© Reuters. Top 5 things to know today in financial markets© Reuters. Top 5 things to know today in financial markets

Investing.com – Here are the top five things you need to know in financial markets on Wednesday, September 5:

1. U.S.-Canada Trade Talks Resume

Trade talks between the United States and Canada aimed at revamping the North American Free Trade Agreement (NAFTA) will today after the two sides ended tense negotiations last week without a deal.

The Trump administration wants to scrap a dispute-resolution mechanism that Canadian Prime Minister Justin Trudeau says is crucial. The two sides are also arguing over U.S. demands for more access to Canada’s closed dairy market.

The neighbors emerged from talks last Friday, the White House’s deadline for Canada to join in on a deal the U.S. struck with Mexico late last month, without resolving sticking points.

Meanwhile, investors continued to monitor the threat of fresh U.S. tariffs on another $200 billion worth of Chinese goods, which could come as soon as a public comment period ends on Thursday.

2. U.S. Stocks Futures Point to Lower Open

U.S. stock index futures pointed to a on Wall Street, as continuing trade tensions and spreading worries about emerging market currencies cut investor appetite for risky assets.

At 5:30AM ET, the blue-chip were down 110 points, or 0.4%, the dropped 10 points, or 0.4%, while the tech-heavy indicated a decline of 35 points, or roughly 0.5%.

Elsewhere, in Europe, nearly all of the region’s major bourses were in mid-morning hours, with most sectors in the red.

Among national indexes, Germany’s export-heavy lost 0.9%, while France’s gave up 1.2%. The UK’s shed 0.5%.

Earlier, in Asia, markets in the region ended .

The slumped 1.7% to 2,704, edging back at the two-and-a-half-year low of 2,653 set last month.

3. Dollar Gains as Emerging Market FX Pain Continues

Away from equities, the dollar was trading against a currency basket, as demand for the greenback continued to be underpinned by persistent concerns over emerging market stresses.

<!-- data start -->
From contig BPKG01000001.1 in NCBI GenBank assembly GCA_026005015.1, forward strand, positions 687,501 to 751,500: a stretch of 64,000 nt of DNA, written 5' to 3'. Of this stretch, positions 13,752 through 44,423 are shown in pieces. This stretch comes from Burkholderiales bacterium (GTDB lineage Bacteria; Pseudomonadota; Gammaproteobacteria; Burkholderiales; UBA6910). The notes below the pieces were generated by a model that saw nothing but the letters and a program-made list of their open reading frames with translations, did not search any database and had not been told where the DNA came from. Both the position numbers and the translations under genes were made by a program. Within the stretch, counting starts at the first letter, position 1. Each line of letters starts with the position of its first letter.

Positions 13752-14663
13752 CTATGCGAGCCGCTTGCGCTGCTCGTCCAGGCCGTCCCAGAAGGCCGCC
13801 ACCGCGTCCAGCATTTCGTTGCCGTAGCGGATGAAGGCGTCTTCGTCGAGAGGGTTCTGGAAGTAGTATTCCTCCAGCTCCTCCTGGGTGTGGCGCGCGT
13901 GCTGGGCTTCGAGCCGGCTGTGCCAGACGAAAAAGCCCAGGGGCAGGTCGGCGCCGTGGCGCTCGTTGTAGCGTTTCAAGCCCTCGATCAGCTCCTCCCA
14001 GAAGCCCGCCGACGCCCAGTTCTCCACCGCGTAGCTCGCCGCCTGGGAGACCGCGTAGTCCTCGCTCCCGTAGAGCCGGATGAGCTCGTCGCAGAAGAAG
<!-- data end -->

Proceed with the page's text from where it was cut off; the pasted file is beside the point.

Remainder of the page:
The , which measures the greenback’s strength against a basket of six major currencies, was a shade higher at 95.50, not far from Tuesday’s one-and-a-half week highs of 95.68.

In emerging markets, currencies such as the , , , , and were all lower.

Emerging market currencies have been hard hit by concerns that higher U.S. interest rates will pressure countries that have borrowed heavily in dollars in recent years.

4. Oil Prices Tumble as Storm Threat Eases

In commodities, oil prices as a tropical storm hitting the U.S. Gulf coast weakened and had a lower impact on production than initially expected.

futures were at $69.17 per barrel, down 70 cents, or 1%, from their last settlement.

International futures fell 51 cents, or 0.7%, to $77.66 a barrel.

Prices had jumped the previous day as dozens of U.S. oil and gas platforms in the Gulf of Mexico were shut in anticipation of damage from tropical storm Gordon.

However, the storm had shifted eastward by Wednesday morning and was , reducing its threat to producers on the western side of the Gulf.

5. Big Tech to Testify Before U.S. Congress

Top Twitter (NYSE:) and Facebook (NASDAQ:) executives will defend their companies before U.S. lawmakers this morning, with Facebook insisting it takes election interference seriously and Twitter denying its operations are influenced by politics.

Facebook Chief Operating Officer Sheryl Sandberg, appearing alongside Twitter Chief Executive Jack Dorsey, will say that her company’s efforts to combat foreign influence efforts have improved since the 2016 U.S. election, according to written testimony released on Tuesday.

But no executive from Alphabet (NASDAQ:)’s Google is expected to testify, after the company declined the Senate Intelligence Committee’s request to send one of its most senior executives, frustrating lawmakers.

Google offered to send its chief legal officer, Kent Walker, to Wednesday’s hearing, but he was rejected by the committee, which said it wanted to hear from corporate decision-makers.

The will begin at 9:30AM ET.

Technology executives have repeatedly testified in Congress over the past year, on the defensive over political influence activity on their sites as well as concerns over user privacy.